Work to repair a fibre line in Yellowknife on November 10, 2023. Photo: Kelley Weatherby
So, what did you do with your Friday afternoon?
If you live in Yellowknife – and a range of other NWT communities – you probably didn’t check your email, scroll mindlessly or watch any live streams.
Virtually all internet was extinguished when the fibre line went down at 1pm, taking most wireless networks and cell data with it. Only the small but growing band of people with other forms of internet access, like Starlink, remained online.
Hopefully you went for a nice walk or played an entertaining family game of crib. Books! Remember books? Maybe you read a book.
If the truth is you listlessly refreshed your phone 4,000 times, you might be wondering: when is Yellowknife ever getting some backup for situations like this?
After all, this is no longer a one-off. We all know the South Slave lost virtually all communications for nearly a week during this summer’s fires, and most Yellowknifers are familiar with earlier, vandalism-related outages that have lasted for up to a day at a time.
The issue is simple. There is one fibre line carrying the internet from the south into Yellowknife, where it stops. If anything happens to the many hundreds of kilometres of that line, much of it slung from poles above ground, the city and some connected communities can drop off the map.
For years, there has been talk of redundancy. If you build a second line to Yellowknife then if one of the two is damaged, the other one can take over.
In late 2021, dominant northern land-based internet provider Northwestel signed a deal with Yellowknives Dene First Nation business wing Det’on Cho Management to build a backup line that would stretch below the surface of Great Slave Lake.
At the time, the companies estimated the line would cost up to $20 million and they hoped to build it in 2023.
That hasn’t happened, and it’s a while since any public update on the proposal was provided. Even in 2021, the companies said they needed around half of the costs to be covered by government funding to go ahead with the work.
The project hasn’t registered a mention in the NWT legislature since the week it was announced, when finance minister Caroline Wawzonek said she was “thrilled” to hear of it and “always happy to know if there’s an opportunity for the government to participate in projects such as this one.”
There is no mention of the Great Slave Lake Fibre project, as it is known, in the NWT government’s latest capital estimates (the money it intends to spend on new infrastructure, like a fibre line). No regulatory permissions appear to have been sought for any construction work to commence.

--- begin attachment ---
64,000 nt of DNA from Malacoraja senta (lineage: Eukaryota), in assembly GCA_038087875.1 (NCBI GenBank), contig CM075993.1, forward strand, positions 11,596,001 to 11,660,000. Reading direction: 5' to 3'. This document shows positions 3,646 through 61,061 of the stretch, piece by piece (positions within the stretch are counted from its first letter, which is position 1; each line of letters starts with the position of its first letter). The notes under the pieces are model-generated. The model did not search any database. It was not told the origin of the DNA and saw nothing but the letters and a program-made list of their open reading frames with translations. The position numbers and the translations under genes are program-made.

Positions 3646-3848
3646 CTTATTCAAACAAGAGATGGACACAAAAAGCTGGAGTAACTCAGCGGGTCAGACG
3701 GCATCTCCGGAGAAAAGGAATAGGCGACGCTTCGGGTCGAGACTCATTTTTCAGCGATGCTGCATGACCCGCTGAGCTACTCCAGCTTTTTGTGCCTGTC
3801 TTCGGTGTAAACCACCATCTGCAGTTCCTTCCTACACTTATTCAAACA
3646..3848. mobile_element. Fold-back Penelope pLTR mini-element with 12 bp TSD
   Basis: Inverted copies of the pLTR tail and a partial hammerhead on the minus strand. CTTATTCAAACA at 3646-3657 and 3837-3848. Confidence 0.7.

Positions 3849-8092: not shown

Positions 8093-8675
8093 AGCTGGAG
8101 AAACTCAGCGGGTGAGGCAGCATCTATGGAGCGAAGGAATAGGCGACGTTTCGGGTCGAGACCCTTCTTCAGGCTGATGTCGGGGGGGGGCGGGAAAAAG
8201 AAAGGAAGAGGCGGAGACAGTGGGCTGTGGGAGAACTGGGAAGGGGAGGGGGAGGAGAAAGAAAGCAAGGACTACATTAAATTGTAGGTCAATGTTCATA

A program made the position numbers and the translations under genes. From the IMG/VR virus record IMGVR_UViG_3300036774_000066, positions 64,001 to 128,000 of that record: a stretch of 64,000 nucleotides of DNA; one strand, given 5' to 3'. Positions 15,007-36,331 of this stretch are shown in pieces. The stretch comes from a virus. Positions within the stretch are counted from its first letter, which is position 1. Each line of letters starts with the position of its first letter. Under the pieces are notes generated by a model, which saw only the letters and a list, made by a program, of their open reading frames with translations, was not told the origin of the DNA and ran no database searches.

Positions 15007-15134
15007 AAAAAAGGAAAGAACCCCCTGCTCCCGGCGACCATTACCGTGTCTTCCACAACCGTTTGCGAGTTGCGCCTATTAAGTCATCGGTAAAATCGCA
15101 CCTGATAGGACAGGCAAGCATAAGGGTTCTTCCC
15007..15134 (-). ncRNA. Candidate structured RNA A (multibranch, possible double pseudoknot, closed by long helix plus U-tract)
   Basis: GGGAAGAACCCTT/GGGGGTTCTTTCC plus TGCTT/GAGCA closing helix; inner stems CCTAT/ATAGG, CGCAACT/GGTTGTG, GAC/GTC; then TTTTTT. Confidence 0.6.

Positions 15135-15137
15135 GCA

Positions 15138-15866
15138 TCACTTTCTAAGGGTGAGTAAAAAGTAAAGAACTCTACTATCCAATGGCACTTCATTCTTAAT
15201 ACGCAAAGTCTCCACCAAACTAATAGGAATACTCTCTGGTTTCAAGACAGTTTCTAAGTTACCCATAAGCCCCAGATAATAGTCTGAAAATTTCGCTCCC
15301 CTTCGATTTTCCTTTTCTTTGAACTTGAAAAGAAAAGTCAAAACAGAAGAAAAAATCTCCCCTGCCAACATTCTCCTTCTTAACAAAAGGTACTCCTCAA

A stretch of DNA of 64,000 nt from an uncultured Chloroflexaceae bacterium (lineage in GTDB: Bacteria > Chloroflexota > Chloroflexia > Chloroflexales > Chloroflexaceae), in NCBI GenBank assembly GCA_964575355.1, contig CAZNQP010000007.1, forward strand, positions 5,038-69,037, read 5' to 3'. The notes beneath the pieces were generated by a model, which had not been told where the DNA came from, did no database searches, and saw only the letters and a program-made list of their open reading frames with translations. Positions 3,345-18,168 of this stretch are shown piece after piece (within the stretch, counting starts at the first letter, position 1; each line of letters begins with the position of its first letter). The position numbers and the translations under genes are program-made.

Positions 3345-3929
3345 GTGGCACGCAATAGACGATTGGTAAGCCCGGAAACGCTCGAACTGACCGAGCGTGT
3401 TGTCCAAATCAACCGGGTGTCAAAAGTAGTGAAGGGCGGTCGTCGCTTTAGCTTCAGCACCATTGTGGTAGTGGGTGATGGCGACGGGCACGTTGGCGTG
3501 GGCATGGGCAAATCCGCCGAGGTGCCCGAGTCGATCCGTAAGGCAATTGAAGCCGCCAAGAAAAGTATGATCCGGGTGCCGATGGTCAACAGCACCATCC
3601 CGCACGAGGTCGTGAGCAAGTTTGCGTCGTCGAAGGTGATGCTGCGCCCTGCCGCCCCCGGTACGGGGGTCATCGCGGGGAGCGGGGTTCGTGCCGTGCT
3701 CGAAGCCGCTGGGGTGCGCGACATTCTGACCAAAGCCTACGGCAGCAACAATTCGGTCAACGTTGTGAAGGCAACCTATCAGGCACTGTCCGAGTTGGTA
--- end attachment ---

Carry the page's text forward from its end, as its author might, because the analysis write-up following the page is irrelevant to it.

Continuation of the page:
The last mention of the project appears to be a GNWT submission to the CRTC in April this year, which states in passing that the territory “supports the Great Slave Lake Fibre redundancy project that is critical to maintaining resilient connectivity for 75 percent of the population.”
In other words, it doesn’t look like a second cable is arriving any time soon.
However, the growth of low-Earth orbit satellite services like Starlink is happening at extraordinary pace. Anecdotally, dozens of NWT residents have reported abandoning land-based internet for Starlink in recent months, particularly having witnessed days-long fibre outages during the wildfire crisis.
Northwestel’s recent advertising campaigns have promoted the company’s boots-on-the-ground presence in the North (compared to Starlink, whose Elon Musk-owned parent company SpaceX has yet to respond to a media request from Cabin Radio, never mind open an office in the Northwest Territories).
But Starlink is increasingly a factor in conversations about this problem and, at the same time, something of an existential threat to Northwestel.
Other companies like Telesat and even Amazon are also working on similar satellite internet networks.
So while Starlink currently feels like the only next-generation satellite option for some NWT communities, and there’s no immediate sign of a backup fibre line for Yellowknife, the likelihood is that more low-Earth orbit satellite competition isn’t far away. By the time a backup fibre line does arrive, the number of customers using land-based internet could be declining.